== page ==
Overview

Radiation therapy for breast cancer uses high-energy X-rays, protons or other particles to kill cancer cells. Rapidly growing cells, such as cancer cells, are more susceptible to the effects of radiation therapy than are normal cells.

The X-rays or particles are painless and invisible. You are not radioactive after treatment, so it is safe to be around other people, including children.

Radiation therapy for breast cancer may be delivered in two ways:

  • External radiation. A machine delivers radiation from outside your body to the breast. This is the most common type of radiation therapy used for breast cancer.
  • Internal radiation (brachytherapy). After you have surgery to remove the tumor, your doctor temporarily places a radiation-delivery device in your breast near the tumor site. He or she then places a radioactive source into the device for short periods of time over the course of your treatment.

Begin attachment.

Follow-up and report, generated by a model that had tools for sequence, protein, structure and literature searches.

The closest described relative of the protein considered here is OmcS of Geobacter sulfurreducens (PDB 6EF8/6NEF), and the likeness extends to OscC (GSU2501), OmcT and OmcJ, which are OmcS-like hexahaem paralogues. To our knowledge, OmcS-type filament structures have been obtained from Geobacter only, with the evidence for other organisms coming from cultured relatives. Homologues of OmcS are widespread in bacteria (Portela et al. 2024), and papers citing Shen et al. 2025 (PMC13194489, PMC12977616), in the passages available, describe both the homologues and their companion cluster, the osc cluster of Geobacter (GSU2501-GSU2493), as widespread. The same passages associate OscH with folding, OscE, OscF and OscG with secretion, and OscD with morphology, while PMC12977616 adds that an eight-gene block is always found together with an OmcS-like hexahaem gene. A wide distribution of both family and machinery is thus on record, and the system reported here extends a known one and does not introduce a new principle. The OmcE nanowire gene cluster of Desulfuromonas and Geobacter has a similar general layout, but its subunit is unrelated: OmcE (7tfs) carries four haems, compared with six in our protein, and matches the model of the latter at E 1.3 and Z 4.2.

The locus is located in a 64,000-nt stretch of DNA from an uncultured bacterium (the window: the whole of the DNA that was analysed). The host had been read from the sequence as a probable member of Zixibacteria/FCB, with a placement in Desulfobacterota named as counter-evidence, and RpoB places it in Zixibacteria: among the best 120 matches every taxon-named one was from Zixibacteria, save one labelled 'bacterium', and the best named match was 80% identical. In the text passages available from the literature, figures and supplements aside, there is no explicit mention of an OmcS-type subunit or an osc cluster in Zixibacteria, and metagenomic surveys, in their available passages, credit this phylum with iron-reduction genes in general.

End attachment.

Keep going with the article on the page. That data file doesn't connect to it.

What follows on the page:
Radiation therapy may be used to treat breast cancer at almost every stage. Radiation therapy is an effective way to reduce your risk of breast cancer recurring after surgery. In addition, it is commonly used to ease the symptoms caused by cancer that has spread to other parts of the body (metastatic breast cancer).

Mayo Clinic's approach

Nov. 15, 2017
References
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